In my other writing for Feminism and Religion, I’ve discussed how a key focus of my spiritual path involves dancing within the tension of opposites, finding ways to move mindfully and freely inside the orbit of sacred circularities in which every curve leads into and out of its inverse, with infinite shades in between. Two areas of my life in which this tension has informed my lived experience are socioeconomic class and education. I’m only two generations away from factory workers and electricians, and three generations removed from a long line of poor farmers. Both of my grandparents on my mom’s side – with whom I lived as a child and whose influence on my life is felt every day – dropped out of school to work on their families’ farms.
And yet I was the little nerd in the gifted program, in two grades at once, through most of my childhood, even as my parents worked multiple jobs to make ends meet. By the time I left for college, I’d worked hard to rid myself of my Southern accent, not wanting to be flagged as uneducated or backwoods.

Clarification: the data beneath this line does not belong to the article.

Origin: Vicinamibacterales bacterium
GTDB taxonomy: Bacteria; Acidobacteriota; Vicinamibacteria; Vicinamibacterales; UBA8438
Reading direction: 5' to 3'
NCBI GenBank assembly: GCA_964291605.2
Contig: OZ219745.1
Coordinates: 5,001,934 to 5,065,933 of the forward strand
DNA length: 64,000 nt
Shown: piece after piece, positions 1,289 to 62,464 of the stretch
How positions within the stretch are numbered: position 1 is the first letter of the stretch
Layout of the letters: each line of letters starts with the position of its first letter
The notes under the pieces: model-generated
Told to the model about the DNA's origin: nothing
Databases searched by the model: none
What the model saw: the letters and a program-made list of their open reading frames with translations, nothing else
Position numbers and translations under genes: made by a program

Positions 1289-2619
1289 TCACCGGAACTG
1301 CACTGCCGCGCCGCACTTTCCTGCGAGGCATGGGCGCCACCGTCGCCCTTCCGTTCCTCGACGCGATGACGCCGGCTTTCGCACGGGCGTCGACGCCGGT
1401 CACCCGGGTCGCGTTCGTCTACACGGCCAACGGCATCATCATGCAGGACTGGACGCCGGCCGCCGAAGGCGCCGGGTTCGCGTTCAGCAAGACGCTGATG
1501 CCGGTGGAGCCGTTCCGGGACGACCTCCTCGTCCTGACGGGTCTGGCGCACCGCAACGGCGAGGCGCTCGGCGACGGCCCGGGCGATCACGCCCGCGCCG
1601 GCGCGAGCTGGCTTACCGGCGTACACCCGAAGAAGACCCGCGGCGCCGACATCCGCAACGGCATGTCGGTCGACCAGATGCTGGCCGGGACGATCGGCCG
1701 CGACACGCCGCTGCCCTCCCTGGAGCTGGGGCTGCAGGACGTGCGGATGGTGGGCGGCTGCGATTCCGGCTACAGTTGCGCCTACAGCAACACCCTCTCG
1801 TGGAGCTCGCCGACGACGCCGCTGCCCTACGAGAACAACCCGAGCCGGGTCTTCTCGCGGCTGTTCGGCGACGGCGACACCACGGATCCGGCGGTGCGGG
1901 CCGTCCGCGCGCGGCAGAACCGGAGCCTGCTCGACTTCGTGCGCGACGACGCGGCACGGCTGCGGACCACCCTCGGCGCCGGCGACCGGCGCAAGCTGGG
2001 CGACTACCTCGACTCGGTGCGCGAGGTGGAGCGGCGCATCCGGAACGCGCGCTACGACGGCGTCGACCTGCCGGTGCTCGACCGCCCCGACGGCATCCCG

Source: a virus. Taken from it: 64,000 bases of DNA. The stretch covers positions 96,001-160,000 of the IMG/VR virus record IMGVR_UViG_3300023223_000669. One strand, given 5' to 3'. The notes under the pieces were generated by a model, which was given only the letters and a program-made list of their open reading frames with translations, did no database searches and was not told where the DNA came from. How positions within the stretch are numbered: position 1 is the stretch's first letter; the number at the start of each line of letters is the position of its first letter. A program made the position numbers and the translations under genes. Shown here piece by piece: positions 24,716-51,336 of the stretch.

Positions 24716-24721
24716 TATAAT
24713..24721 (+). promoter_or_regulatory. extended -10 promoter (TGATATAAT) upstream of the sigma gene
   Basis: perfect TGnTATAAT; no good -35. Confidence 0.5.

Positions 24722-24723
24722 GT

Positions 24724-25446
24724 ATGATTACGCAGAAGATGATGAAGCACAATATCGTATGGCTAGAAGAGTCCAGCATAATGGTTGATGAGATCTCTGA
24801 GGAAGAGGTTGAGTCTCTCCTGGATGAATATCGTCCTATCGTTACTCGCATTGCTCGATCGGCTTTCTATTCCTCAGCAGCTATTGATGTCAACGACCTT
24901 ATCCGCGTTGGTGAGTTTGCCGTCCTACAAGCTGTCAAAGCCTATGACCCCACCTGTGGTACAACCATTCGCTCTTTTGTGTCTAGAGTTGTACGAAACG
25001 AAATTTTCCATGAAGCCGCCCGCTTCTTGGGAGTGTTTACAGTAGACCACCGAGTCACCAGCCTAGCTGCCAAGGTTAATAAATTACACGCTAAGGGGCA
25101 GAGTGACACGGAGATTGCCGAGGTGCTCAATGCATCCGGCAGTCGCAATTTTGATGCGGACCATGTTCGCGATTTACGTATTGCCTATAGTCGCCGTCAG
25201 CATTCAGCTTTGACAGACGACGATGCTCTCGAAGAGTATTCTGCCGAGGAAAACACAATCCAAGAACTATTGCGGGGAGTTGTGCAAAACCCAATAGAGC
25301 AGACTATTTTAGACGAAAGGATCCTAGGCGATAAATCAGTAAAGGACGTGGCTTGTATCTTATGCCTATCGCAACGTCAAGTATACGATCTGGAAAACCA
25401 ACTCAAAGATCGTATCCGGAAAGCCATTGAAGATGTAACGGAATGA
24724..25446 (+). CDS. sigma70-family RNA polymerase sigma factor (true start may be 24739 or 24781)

Whatever the markers for “poor” or working class in any given region – accent or dress or dialect – they frequently are coded as less intelligent. The impacts of these assumptions are felt early, as children from low-income or minority families are often overlooked for and underrepresented in gifted education programs, and the impacts are later reflected in graduation rates and college attendance statistics by demographic. Even as colleges work to provide opportunities for lower-income kids to attend, the dialogue typically focuses on how access to a specific, Western model of education can raise up underprivileged kids, and not on how getting smart kids from a diversity of backgrounds into the university system can expand the very boundaries of how a field understands itself and the framework within which it conducts its research…
Read more at Feminism and Religion.